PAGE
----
Netball court death sparks call for defibrillators

Tragedy at Berkeley netball game

Illawarra District Netball Association will consider buying defibrillators for its Berkeley and Fairy Meadow courts following the death of 27-year-old player Beth Leske.

Ms Leske, a Fairy Meadow player, collapsed at half-time on Saturday during the last round of the netball season. She later died at Wollongong Hospital.

Beth Leske

Beth Leske

IDNA president Dianne Elvy said she would strongly recommend to the committee that it purchase the defibrillators which cost around $2500 each.

"I think it will come to a point when all sporting grounds will need one," Ms Elvy said.

Paramedic Mark McCarthy, whose company Wollongong First Aid, sells defibrillators, said competition in the market had seen the price of defibrillators almost halve in the past six months.

Mr McCarthy launched a campaign last year to make Wollongong a HeartSafe Community.

There are now defibrillators in Wollongong City Council's two leisure centres, at patrolled beaches and swimming pools. Recently all NSW police local area commands have been issued with them.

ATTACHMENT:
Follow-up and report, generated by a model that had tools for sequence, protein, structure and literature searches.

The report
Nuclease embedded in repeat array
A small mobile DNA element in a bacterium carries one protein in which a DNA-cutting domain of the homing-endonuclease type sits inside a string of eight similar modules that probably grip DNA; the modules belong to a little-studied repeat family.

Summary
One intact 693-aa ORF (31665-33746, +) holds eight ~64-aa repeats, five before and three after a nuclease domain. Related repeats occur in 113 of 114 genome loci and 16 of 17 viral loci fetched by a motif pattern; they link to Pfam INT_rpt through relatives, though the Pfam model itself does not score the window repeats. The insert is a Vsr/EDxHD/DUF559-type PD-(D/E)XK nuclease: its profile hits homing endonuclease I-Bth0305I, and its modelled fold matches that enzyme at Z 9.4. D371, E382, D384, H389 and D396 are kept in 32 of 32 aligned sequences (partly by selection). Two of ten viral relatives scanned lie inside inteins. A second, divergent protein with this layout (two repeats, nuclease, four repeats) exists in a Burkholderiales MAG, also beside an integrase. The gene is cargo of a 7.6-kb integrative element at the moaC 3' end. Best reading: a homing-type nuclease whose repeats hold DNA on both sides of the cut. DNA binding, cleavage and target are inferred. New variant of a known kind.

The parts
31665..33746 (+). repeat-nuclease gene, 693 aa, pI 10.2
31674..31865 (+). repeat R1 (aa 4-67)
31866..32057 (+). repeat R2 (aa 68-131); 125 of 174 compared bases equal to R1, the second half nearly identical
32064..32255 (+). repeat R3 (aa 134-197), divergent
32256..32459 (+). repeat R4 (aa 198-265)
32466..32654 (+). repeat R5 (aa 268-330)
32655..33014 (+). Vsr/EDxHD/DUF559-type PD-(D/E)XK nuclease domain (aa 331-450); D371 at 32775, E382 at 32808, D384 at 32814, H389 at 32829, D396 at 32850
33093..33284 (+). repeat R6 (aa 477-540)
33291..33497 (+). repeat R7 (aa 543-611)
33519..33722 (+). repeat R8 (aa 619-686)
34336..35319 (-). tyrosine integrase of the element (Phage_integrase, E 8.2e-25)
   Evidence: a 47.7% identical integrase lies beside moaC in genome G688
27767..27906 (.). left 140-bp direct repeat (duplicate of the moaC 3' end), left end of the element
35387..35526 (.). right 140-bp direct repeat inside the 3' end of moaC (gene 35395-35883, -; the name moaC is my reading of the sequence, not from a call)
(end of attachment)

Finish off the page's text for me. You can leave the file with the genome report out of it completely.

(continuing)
"Every minute counts in cardiac arrests," said Mr McCarthy. "The longer circulation to the brain and the body is maintained there's a better chance of survival. This is done first through CPR and then through the use of defibrillators. It can literally make the difference between life and death. However, there is no guarantee. Even having trained medical people on site may not be enough to save a life. But what defibrillators do is give patients the best chance of survival. It's my view they should be installed in all public places."

It is unknown whether Ms Leske had a pre-existing medical condition.

Ms Leske, who has a young son, was due to be married in a few weeks.

She is the daughter of former Illawarra Hawks team manager David Leske who died from cancer in 2001.

Both netball teams and the two umpires involved on the day have been offered support and counselling through IDNA.

Ms Elvy said Illawarra netball members were devastated about what happened.

"We are all shocked. It's an incredibly sad tragedy and we really feel for her family."

On the Mercury online site some players expressed their disgust that Illawarra netball had allowed teams to continue with the later games.

But Ms Elvy said that a decision had been made to open the courts and leave it up to each team to decide whether to play or to forfeit their game without penalty.

"We reacted in a way we thought was right at the time," she said. "It was a difficult decision to make in such a short time and that's why we decided to give each team the option to play or not to play."

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